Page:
Once a material with a defined composition has been selected, a number of experimental tests determine its usability. One such test the scratch test employs a diamond blade hooked up to sensors that monitor the blade's force and the material's behavior.
An extruder is used to melt and mold plastic pellets into samples for study.   
Bernard Bujard, a UNT graduate student, conducts most of LAPOM's scratch tests and measures a material's viscoelasticity by recording its ability to heal.
    Developing materials with high healing capabilities is important to LAPOM, not only for the improved cookware coating, but also for the surface protection of materials such as ceramics and metals.
    Other research at the lab deals with polymeric materials for automotive, telecommunication, biotechnology, medical, chemical and agricultural applications. The work has been funded by Volvo, Ford, Texas Instruments, Dow Chemical, Alcon, the National Science Foundation, NASA and NATO.

Classroom research
   The research conducted at LAPOM occurs in an atmosphere of teamwork and shared expertise, which is nurtured by Brostow's broad interpretation of teaching.
    "The lab is not only a place for research, but also a classroom," he says. "Some people believe research and teaching are opposing ideas, but this does not need to be the case. Students working on research are learning how to solve problems and are acquiring the tools of the trade. When they finish, they are able to apply those tools on their own."
    Brostow says the best part of his work is shaping students as researchers. These include students in the Texas Academy of Mathematics and Science, a two-year residential program that allows high school juniors and seniors to finish high school while completing their first two years of college.
    Several of the TAMS students working in LAPOM have received national honors, including Barry M. Goldwater Scholarships. Their projects have ranged from developing better ways to attach prosthetics to muscle tissue to creating intra-ocular lenses to improve vision.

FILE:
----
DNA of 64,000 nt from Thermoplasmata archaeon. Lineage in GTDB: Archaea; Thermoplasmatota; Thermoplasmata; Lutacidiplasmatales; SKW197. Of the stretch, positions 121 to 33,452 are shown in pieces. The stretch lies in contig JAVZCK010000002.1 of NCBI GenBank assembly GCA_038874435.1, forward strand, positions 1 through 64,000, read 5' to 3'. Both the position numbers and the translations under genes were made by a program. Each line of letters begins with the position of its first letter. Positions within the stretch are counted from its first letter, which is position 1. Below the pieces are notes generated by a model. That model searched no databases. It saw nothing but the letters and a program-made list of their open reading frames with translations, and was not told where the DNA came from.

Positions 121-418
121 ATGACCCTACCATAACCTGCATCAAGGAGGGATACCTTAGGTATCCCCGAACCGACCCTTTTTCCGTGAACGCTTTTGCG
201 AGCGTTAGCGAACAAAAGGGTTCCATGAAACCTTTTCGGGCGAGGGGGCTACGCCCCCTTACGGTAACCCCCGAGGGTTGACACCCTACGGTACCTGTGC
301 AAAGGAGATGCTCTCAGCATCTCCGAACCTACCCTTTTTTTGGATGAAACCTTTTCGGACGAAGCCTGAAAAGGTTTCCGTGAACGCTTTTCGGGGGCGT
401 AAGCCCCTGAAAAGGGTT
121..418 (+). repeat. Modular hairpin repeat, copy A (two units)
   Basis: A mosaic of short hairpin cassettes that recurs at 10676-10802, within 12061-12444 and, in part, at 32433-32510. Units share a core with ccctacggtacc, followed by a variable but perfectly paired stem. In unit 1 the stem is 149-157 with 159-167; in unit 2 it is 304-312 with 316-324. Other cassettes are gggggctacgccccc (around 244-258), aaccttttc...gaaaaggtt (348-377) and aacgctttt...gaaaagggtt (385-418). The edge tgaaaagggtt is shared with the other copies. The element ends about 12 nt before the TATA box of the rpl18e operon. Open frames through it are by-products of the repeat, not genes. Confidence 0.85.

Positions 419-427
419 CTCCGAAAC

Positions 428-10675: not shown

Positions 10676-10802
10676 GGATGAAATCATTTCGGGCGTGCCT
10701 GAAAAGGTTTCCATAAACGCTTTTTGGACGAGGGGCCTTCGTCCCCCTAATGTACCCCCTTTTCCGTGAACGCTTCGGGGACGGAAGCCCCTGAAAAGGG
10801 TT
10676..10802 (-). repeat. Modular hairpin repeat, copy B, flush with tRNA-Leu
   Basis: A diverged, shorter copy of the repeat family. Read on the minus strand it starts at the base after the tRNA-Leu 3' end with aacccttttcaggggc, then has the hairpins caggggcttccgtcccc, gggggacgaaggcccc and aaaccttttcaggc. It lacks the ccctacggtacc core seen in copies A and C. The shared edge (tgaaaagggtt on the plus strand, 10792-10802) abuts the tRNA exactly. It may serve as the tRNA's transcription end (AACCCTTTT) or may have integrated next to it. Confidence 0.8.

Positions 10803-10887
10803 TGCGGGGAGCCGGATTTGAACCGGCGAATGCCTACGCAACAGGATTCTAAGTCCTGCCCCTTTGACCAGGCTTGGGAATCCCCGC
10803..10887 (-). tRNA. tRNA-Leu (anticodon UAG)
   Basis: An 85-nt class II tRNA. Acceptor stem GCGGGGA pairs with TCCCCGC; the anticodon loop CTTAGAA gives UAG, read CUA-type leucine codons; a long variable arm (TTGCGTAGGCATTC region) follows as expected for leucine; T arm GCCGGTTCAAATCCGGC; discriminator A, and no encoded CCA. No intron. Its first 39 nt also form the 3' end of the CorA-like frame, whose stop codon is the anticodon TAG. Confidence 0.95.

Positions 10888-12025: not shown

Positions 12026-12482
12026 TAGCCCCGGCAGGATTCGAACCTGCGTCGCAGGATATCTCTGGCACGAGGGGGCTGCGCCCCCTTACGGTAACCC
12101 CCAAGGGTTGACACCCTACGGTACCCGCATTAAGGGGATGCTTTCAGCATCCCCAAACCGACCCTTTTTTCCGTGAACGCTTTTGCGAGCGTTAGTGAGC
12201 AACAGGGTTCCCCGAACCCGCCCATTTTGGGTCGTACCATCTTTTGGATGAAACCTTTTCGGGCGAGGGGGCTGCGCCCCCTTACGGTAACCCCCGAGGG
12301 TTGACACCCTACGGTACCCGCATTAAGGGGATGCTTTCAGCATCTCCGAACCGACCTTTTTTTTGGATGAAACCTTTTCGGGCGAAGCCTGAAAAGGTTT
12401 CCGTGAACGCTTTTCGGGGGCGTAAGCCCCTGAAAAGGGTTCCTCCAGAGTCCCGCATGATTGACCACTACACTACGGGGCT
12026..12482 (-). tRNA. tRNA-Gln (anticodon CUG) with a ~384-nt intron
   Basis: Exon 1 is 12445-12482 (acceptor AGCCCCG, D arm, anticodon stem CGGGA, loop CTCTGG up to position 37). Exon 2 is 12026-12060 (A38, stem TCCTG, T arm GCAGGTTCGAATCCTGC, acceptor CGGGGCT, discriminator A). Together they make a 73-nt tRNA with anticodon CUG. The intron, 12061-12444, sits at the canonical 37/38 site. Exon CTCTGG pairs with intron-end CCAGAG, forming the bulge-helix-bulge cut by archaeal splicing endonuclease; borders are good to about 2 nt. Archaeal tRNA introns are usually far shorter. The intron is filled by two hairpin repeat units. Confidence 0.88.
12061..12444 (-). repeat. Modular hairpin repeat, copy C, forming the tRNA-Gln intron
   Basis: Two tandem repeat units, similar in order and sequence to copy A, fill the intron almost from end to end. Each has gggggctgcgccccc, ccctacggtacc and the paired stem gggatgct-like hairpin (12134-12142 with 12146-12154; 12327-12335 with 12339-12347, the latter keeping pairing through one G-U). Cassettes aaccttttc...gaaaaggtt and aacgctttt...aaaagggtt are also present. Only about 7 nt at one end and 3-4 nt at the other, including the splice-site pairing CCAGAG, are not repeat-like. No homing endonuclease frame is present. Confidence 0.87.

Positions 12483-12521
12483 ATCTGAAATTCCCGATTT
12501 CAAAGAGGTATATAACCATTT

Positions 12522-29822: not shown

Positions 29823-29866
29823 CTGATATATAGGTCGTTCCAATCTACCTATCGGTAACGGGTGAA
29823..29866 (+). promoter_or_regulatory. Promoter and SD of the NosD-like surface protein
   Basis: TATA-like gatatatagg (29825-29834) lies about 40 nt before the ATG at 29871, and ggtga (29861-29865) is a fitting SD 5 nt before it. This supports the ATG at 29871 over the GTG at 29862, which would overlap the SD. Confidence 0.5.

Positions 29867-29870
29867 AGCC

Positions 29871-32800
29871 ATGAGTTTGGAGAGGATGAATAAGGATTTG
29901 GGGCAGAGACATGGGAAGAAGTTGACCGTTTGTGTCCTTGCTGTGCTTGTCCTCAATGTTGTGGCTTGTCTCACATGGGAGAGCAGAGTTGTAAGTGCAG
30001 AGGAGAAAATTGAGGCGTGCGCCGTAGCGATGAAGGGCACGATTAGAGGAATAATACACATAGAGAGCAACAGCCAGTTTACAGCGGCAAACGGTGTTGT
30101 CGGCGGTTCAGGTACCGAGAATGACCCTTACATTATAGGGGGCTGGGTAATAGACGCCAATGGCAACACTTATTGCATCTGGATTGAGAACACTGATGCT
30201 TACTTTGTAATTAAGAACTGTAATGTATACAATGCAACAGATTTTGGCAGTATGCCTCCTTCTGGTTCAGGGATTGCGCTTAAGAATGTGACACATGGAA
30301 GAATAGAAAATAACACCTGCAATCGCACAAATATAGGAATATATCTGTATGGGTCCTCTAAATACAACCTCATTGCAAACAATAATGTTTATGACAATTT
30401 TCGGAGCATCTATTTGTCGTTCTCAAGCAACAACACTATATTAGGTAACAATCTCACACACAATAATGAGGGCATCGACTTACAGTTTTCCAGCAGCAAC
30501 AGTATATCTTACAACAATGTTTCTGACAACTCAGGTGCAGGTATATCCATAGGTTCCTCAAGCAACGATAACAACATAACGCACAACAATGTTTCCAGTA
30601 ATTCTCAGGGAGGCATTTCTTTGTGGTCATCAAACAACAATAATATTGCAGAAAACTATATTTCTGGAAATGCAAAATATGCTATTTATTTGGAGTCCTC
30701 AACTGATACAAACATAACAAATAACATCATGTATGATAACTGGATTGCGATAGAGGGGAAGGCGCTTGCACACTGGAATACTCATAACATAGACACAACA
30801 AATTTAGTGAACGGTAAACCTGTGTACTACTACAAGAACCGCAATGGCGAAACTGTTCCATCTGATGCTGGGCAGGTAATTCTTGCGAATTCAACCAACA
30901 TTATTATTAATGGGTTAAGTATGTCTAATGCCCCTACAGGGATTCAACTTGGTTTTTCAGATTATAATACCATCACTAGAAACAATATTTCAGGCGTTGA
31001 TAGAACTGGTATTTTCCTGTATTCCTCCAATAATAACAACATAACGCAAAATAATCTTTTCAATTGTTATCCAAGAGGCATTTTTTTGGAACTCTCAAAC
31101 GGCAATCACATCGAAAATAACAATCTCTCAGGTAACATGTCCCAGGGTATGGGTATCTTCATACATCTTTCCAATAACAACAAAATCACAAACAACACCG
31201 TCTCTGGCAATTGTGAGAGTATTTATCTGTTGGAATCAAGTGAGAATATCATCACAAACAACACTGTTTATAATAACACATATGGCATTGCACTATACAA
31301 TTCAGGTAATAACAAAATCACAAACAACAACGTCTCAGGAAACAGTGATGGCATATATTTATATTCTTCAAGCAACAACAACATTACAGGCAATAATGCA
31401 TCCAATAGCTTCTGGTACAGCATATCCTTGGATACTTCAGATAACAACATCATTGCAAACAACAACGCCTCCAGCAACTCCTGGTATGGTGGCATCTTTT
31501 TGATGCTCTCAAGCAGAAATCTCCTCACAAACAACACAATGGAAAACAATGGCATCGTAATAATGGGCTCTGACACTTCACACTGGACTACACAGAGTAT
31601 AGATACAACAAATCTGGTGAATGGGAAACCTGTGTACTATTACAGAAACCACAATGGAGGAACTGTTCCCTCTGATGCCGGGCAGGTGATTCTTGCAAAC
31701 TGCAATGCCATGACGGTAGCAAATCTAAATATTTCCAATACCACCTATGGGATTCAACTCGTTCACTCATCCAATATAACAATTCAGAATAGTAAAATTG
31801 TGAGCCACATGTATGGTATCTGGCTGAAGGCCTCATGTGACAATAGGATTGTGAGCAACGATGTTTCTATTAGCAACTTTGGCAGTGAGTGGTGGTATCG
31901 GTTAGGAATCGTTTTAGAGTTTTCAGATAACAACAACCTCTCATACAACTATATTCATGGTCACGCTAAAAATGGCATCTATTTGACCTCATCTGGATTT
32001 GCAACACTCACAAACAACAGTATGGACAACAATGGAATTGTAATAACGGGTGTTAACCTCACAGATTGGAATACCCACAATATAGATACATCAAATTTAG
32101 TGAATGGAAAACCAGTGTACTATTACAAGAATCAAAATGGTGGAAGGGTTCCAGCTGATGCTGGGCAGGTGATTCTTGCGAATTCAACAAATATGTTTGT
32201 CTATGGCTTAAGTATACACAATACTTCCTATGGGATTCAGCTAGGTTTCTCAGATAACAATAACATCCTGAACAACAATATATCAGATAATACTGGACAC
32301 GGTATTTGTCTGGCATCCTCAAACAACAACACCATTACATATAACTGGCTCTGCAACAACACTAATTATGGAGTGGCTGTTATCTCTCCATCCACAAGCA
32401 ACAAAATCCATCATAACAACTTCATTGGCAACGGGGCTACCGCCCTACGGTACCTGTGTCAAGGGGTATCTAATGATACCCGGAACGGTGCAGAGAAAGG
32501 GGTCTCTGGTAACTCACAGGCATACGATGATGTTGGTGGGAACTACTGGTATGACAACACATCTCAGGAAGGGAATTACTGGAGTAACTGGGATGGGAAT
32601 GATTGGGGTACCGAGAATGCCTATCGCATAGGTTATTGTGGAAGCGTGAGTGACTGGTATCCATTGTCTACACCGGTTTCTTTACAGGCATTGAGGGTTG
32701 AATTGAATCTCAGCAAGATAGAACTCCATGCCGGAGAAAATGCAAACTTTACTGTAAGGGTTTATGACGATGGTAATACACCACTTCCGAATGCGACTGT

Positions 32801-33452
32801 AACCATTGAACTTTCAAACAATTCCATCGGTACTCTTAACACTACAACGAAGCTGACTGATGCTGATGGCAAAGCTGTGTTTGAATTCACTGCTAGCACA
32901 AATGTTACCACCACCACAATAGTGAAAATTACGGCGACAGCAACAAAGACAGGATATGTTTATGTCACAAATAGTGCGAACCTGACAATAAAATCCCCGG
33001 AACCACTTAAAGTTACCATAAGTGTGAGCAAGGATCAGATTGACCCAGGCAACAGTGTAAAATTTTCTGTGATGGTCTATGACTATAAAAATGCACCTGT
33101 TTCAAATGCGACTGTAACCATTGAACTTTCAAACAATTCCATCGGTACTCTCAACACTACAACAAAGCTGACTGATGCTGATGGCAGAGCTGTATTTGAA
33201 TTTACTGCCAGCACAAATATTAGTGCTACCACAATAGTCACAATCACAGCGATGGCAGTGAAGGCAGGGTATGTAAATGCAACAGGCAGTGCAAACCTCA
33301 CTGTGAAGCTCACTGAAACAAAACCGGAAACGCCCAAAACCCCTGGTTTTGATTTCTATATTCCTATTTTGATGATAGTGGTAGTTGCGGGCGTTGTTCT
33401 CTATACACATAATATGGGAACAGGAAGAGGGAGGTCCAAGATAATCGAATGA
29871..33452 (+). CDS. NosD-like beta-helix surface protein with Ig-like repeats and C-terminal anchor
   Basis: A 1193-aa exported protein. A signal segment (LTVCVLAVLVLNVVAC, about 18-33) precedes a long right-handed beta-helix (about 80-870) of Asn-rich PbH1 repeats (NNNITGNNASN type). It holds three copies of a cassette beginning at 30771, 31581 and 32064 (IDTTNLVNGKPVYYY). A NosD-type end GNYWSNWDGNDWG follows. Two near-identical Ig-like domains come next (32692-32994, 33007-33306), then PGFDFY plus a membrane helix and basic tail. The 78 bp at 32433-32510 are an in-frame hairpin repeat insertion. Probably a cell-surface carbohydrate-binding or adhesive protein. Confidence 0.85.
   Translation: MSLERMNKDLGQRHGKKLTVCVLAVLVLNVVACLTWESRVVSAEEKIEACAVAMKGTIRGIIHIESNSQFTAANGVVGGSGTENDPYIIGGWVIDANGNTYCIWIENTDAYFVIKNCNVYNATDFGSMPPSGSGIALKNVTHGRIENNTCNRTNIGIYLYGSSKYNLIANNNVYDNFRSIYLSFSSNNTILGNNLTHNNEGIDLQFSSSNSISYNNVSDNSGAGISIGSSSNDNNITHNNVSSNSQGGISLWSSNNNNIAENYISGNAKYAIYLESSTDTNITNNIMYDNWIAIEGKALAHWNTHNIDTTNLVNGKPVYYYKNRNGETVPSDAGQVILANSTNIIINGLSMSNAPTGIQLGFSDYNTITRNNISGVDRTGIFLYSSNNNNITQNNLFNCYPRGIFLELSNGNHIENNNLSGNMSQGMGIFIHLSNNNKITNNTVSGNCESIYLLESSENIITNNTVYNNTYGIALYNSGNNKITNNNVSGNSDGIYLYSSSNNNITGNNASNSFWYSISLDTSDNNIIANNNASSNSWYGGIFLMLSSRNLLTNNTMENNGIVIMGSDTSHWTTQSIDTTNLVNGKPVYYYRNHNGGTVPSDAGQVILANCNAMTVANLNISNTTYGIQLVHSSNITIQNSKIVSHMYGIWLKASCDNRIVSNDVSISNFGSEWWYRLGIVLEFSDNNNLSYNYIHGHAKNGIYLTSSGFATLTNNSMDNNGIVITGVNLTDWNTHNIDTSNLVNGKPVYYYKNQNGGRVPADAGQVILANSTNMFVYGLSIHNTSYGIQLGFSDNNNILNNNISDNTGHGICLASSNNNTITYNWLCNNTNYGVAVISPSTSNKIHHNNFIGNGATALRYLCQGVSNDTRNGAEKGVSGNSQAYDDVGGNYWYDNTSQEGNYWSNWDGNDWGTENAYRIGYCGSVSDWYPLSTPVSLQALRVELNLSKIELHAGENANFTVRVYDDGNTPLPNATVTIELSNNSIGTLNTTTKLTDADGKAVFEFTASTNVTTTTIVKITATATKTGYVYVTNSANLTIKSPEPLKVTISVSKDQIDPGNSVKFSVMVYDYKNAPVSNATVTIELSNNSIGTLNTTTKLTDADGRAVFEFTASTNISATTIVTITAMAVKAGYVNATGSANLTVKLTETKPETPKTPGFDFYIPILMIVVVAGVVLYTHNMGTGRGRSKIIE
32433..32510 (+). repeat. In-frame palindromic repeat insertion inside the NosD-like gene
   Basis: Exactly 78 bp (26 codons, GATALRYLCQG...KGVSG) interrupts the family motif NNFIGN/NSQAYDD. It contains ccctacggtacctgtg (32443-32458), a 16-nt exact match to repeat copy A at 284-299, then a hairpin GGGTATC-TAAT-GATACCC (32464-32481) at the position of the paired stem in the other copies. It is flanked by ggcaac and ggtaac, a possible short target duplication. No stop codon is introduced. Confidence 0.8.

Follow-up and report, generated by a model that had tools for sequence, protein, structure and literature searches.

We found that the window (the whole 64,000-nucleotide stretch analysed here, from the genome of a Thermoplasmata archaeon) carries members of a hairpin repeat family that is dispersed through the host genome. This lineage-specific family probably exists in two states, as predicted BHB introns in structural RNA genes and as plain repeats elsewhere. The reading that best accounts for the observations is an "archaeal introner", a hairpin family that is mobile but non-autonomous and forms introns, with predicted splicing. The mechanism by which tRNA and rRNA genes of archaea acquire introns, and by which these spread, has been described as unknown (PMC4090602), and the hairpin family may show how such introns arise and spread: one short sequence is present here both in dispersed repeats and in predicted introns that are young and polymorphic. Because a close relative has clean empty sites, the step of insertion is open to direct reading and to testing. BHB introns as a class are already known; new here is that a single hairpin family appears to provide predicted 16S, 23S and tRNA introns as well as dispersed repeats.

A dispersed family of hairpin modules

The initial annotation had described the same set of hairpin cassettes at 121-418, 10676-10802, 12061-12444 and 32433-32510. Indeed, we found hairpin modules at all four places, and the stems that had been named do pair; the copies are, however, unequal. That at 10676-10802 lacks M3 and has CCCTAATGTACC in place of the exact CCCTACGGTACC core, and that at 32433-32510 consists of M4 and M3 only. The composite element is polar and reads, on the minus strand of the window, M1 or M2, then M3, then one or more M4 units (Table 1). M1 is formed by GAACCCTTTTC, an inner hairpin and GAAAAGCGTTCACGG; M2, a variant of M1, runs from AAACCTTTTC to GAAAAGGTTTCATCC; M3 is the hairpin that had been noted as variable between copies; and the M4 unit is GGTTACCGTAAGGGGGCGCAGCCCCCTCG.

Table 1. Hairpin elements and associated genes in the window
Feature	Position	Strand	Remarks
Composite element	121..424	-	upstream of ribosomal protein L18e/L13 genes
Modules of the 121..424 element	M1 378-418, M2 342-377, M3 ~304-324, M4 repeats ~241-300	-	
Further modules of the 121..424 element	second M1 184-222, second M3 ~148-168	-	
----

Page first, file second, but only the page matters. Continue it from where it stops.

All of the students working in LAPOM are learning from the best. The international visiting professors, who usually work in the lab for one- or two-year stints, are among the world's finest polymer scientists.
    Brostow himself is president of the International Council of Materials Education, a fellow of the Royal Society of Chemistry in London, winner of the Fred A. Schwab International Award of the Society of Plastics Engineers, and a member of the National Academy of Sciences of Mexico and of the Union for Polymer Research in Berlin. In 1999 he received an honorary doctorate from the Lvivska Politechnika National University in Ukraine, only the second awarded by the school since World War II.
    As a Regents Professor of materials science at UNT, he devotes at least half of his teaching workload to introductory-level courses in addition to supervising graduate students.
    Whether creating a new molecular structure for a polymeric substance to improve modern life, or teaching the talented students at UNT, Brostow is ensuring that Texas has a major scientific influence in the world.

 LAPCOM researchers

The international visiting professors working in LAPOM with Witold Brostow are:

  • Michael Bratychak, Volodymyr Donchak and Olena Shyshchak Lvivska Politechnika National University or Lviv Tech in Ukraine
  • Victor M. Castano National University of Mexico
  • Michael Hess University of Duisburg in Germany
  • Magdalena Jaklewicz Cracow University of Technology in Poland
  • Pablo Montemartini Argentinian National University, Mar del Plata
  • Jean-Marc Saiter University of Rouen in France
  • R.P. Singh National Indian Institute of Technology
  • Juergen Springer Technical University of Berlin